Published:  12:00 AM, 08 December 2016

Who was a greater sinner Jay Gatsby or Clyde Griffiths?

Who was a greater sinner Jay Gatsby or Clyde Griffiths?
The two great masterpieces The Great Gatsby by F. Scott Fitzgerald and An American Tragedy by Theodore Dreiser came out in 1925. In both the novels we see the tragedy of death of the central protagonists Jay Gatsby (in The Great Gatsby) and Clyde Griffiths (in An American Tragedy). The death of these heroes arouses a range of questions in regard to the measure of their sinning in life. Hence we tend to attempt a comparative view and assess who was a greater sinner.

Jay Gatsby was killed in his swimming-pool by Wilson whose wife Myrtle was killed in the car accident caused by Daisy, who was driving Gatsby's car: Gatsby's murder, thus, was retaliation that was instantly instigated and sparked by Tom, Daisy's husband and Myrtle's lover. We also recall that Tom had such a vengeful grievance against Gatsby because he (Gatsby) had still been chasing after Daisy. No doubt the rivalry in love (for Daisy) was the root cause - the rivalry between Tom and Gatsby. There was no litigation and legal fight in Gatsby's case. The thing ended through Gatsby's death and burial.

But in Clyde Griffiths' case there was a prolonged litigation in the last event of which he was electrocuted. For, Clyde killed his love Roberta Alden, whom he impregnated despite her earnest protests. He killed Roberta for Sondra, who had wealth added to beauty for which Clyde had so desperately been craving. This is also a case of rivalry in love -- love for Roberta vs. love for Sondra.  Knowing full well that she would never be able to win Clyde as he belonged to higher class Roberta vehemently opposed Clyde's advances. She knew that Clyde was the nephew of Samuel Griffiths, the owner of the collar industry in wealthiest man in Lycurgus. And she was only a humble needle-worker there hailing from a humble rural area in Fonda.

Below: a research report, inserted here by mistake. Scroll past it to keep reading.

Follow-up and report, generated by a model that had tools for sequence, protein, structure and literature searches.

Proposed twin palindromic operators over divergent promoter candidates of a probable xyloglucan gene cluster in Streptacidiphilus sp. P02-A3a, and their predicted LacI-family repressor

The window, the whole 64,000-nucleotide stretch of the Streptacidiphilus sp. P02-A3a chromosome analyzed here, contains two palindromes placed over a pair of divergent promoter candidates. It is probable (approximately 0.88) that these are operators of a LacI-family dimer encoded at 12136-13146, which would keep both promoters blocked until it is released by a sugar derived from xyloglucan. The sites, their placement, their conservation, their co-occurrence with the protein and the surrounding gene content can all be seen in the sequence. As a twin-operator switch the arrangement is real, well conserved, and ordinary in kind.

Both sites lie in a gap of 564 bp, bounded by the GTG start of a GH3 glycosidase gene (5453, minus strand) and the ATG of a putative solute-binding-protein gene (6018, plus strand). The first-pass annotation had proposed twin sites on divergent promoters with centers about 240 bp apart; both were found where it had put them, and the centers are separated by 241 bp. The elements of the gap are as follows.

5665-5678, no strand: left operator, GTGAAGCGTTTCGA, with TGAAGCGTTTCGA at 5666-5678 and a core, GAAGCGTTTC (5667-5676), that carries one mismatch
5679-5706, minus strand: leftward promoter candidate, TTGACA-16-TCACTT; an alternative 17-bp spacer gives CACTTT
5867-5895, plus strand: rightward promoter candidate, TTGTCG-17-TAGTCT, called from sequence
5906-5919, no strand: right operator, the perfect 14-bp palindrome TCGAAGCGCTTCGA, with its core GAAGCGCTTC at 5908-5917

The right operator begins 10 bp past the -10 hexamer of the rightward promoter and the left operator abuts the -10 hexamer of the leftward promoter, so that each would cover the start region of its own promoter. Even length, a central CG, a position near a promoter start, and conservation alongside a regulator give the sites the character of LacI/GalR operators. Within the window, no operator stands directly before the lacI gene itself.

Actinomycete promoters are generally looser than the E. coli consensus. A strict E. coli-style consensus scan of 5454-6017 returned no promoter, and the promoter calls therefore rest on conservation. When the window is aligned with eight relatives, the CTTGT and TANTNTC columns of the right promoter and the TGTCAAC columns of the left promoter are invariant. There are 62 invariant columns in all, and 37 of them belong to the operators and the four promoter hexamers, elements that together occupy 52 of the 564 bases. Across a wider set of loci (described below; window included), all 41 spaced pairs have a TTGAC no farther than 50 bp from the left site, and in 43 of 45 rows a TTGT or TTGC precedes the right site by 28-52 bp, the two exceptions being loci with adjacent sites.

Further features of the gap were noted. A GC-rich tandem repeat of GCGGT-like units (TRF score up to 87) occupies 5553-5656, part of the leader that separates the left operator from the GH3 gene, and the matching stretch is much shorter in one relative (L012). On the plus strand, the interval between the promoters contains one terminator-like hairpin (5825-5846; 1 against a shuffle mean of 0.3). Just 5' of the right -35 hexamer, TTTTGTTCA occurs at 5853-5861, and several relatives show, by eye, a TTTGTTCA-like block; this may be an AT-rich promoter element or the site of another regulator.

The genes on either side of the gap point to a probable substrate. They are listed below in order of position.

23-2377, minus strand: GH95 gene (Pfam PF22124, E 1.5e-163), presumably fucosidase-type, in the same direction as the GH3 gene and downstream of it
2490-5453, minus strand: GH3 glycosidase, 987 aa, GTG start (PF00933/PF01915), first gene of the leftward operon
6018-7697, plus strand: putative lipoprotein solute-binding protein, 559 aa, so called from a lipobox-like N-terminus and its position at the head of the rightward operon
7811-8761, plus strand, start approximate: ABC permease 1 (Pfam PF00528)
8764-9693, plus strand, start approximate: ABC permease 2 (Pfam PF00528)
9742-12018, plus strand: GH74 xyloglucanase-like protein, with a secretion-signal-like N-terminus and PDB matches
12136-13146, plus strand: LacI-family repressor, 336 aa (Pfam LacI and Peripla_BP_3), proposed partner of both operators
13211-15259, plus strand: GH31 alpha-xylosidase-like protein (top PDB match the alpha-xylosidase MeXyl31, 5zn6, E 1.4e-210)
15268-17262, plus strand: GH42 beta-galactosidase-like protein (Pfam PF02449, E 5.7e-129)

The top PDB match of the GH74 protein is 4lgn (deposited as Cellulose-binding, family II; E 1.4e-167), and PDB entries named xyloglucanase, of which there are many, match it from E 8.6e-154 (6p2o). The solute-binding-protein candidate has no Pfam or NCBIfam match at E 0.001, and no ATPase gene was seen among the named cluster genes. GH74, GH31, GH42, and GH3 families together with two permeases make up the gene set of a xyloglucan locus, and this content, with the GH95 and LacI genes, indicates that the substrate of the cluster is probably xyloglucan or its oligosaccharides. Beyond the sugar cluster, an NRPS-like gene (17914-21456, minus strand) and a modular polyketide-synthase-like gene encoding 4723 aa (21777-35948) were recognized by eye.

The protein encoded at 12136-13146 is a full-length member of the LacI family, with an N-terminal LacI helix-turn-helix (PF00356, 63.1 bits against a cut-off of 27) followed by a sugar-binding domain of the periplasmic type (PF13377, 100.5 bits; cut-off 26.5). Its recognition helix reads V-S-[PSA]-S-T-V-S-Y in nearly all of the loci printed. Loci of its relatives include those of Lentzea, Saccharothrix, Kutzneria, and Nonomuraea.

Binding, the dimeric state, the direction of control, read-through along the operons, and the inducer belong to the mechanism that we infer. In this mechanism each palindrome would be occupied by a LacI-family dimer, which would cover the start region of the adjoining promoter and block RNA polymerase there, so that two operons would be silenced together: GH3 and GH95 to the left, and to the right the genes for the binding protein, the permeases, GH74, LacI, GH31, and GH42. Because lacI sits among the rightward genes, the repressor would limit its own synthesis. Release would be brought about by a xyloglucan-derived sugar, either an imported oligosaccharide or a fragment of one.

So, at Clyde's wild advances she begged at his feet: "I can't, Clyde, I can't. I would if I could but I can't. It wouldn't be right. I would if I could make myself, but I can't."  Clyde showed all wildernesses in his love for Roberta like an unstoppable cyclonic storm. But his wild passion for Roberta worked only for a brief time; he desperately fell in love with Sondra, the daughter of wealthy elite, whose opulent money and physical glamour maddened him. Clyde decided to murder Roberta because of two reasons: Roberta's constant pressure on him to marry her and secondly, winning Sondra on the way of which Roberta stood an obstacle.  Clyde's death, thus, entangled both moral and religious questions added to the legal question. Clyde was arrested, tried through meticulous legal procedures so that there was no chance of any legal lapses. In addition, he was provided spiritual guidance under a priest Father Duncan McMillan appointed by the prison authority and engaged by Clyde's mother, who had been so seriously concerned about his spiritual salvation. We also know that Mrs. Elvira Griffiths, Clyde's mother (a street preacher) blindly believed that her son, whom she believed to be truthful, was innocent since Clyde never confessed his sin although she insistently interrogated.